"No taxation without representation!"
"These are the times that try men's souls."
"Give me liberty or give me death!"
All are famous phrases that sparked the American Revolution. In the view of many colonists, British rule suppressed political, economic, and religious freedoms. Many of those that hesitated to support independence were soon convinced by the passionate words of Thomas Paine, Samuel Adams, Patrick Henry, and eventually John Adams and Thomas Jefferson. The Declaration of Independence in 1776, the American Revolution, and the creation of the Articles of Confederation represent the American colonies' first attempt to become a nation. This incubation was tentative at best, but ultimately led to success.
As tensions between Britain and the American colonies increased, a series of meetings were called, including that of the Second Continental Congress (1775-1776.) On July 4, 1776, the delegates approved the Declaration of Independence, the event that marks the birth of the United States. Thomas Jefferson, a delegate from Virginia, drafted the document primarily as a list of grievances against the king. His most important words, however, clearly shaped the philosophical basis of the new government. The famous introduction clearly reflected John Locke's social contract theory: "...to secure these rights [Life, Liberty, and the pursuit of happiness], Governments are instituted among men, deriving their just powers from the consent of the governed." Jefferson further reasoned that since the British government had abused these rights, the colonists had the right "to alter or to abolish it, and to institute new Government."
The British, of course, did not recognize the Declaration and continued to send troops to contain the rebellion. The war continued until 1783, so the new government had to be put in place in a wartime atmosphere. The Articles of Confederation, a compact among the thirteen original states, was written in 1776 but not ratified by the states until 1781. The loose "league of friendship" that it created reflected the founders' reaction to the central authority of King George III.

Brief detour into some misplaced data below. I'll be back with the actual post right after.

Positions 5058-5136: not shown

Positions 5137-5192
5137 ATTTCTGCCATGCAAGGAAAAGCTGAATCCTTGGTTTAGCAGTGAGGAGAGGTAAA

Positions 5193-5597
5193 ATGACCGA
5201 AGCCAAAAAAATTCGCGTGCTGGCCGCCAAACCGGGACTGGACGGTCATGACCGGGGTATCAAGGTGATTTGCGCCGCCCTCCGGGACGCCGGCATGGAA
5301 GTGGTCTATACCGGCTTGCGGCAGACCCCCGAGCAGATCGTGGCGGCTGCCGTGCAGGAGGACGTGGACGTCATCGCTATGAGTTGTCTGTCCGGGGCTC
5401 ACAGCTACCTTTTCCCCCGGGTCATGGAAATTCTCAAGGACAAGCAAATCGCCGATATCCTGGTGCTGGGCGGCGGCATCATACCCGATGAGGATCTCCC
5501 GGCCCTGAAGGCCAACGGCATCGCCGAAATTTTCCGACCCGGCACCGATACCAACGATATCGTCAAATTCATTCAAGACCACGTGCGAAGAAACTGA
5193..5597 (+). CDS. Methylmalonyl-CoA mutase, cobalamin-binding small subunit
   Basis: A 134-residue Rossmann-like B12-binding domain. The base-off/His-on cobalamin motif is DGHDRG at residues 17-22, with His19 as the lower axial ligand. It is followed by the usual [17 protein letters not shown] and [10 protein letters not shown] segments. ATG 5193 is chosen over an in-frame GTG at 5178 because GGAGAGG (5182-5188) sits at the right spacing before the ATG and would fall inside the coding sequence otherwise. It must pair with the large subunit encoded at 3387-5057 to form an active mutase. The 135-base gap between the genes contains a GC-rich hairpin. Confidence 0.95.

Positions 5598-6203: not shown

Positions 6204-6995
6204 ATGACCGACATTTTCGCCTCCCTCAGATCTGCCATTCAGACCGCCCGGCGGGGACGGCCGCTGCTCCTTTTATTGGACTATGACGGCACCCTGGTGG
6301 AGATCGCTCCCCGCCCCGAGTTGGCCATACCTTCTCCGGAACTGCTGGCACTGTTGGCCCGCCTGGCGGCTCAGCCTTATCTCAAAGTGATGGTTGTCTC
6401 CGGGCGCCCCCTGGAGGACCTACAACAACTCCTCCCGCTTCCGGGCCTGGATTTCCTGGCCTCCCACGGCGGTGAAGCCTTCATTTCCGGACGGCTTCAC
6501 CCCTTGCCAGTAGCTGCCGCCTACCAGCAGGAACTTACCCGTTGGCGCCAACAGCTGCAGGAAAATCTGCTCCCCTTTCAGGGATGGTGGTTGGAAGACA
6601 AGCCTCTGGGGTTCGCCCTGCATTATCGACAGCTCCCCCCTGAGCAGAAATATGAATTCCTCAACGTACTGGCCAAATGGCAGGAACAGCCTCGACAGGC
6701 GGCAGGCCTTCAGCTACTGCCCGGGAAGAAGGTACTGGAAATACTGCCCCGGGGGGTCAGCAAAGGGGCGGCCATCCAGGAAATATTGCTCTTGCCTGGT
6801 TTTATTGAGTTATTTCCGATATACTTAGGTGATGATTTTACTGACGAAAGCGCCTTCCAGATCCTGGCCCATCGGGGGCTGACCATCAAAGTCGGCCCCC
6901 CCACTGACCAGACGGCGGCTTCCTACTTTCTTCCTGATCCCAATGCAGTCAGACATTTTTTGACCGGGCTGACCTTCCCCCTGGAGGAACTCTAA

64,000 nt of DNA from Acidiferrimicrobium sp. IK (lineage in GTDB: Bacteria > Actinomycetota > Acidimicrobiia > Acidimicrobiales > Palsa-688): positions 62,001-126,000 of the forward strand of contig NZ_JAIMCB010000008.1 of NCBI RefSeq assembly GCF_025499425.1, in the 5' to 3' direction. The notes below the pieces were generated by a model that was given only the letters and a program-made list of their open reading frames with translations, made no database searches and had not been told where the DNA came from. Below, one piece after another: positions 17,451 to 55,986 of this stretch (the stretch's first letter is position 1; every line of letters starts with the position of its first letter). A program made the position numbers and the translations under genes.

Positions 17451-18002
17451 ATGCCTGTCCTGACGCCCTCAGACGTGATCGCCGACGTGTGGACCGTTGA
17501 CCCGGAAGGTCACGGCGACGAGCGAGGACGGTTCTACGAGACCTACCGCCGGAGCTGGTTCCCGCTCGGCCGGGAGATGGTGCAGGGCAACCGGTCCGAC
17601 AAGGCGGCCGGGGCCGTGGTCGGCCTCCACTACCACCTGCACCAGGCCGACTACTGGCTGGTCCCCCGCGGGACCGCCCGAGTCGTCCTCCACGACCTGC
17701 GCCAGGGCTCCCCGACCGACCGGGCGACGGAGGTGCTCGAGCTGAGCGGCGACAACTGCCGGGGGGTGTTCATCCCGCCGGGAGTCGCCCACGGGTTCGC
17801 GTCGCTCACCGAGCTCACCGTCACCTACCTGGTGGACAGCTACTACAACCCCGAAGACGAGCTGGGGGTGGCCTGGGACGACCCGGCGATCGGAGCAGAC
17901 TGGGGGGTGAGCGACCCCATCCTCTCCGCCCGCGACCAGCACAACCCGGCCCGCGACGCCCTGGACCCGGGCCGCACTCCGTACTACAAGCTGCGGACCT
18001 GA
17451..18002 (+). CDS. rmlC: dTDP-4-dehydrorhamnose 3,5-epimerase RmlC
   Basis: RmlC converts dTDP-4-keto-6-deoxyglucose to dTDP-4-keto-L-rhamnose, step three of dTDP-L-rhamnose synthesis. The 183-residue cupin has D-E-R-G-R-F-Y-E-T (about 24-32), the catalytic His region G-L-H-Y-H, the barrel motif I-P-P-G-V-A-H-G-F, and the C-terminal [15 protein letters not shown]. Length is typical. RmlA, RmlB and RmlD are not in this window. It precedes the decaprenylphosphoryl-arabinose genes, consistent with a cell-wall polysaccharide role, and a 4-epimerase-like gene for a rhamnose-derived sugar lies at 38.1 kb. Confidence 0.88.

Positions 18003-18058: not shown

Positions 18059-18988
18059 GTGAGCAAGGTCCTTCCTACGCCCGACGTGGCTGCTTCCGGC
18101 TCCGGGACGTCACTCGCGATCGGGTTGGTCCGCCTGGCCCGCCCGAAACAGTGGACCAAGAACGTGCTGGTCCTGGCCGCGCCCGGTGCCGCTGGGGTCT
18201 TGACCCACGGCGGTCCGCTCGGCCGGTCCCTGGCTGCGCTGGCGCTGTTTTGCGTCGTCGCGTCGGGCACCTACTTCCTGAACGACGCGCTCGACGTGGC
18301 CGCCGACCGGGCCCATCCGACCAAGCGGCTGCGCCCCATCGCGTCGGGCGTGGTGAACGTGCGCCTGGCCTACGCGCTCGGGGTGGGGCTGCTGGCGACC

The government gave most powers to the states, and the central government consisted only of a legislature. Above all, the colonists wanted to preserve their liberties, but the central governments' lack of power proved to be disastrous. It could not regulate trade or keep the states from circulating their own currency. No chief executive could make real decisions, and no national court could settle disputes among states. And perhaps most importantly, they could not efficiently conduct a war nor pay the debts incurred once the war was over.
By 1786 the new country was in serious economic straits, and states were quarreling over boundary lines and tariffs. An economic depression left not only states in trouble, but also many ordinary citizens, such as farmers and merchants, were deep in debt as well. Shays' Rebellion, a revolt by angry farmers in Massachusetts, symbolized the chaos in the country. Even though the Massachusetts militia finally put the rebellion down, it pointed out the inability of the central government to maintain law and order. In reaction, Alexander Hamilton of New York initiated the organization of a meeting in Philadelphia in 1787. This convention would eventually throw out the Articles of Confederation and draft the Constitution.
So the freedom that the American Revolution sought to preserve proved to create a government under the Articles of Confederation that could not keep law and order. But the failure of the initial experiment helped the founders to find a more perfect balance between liberty and order in the Constitution they produced in 1787.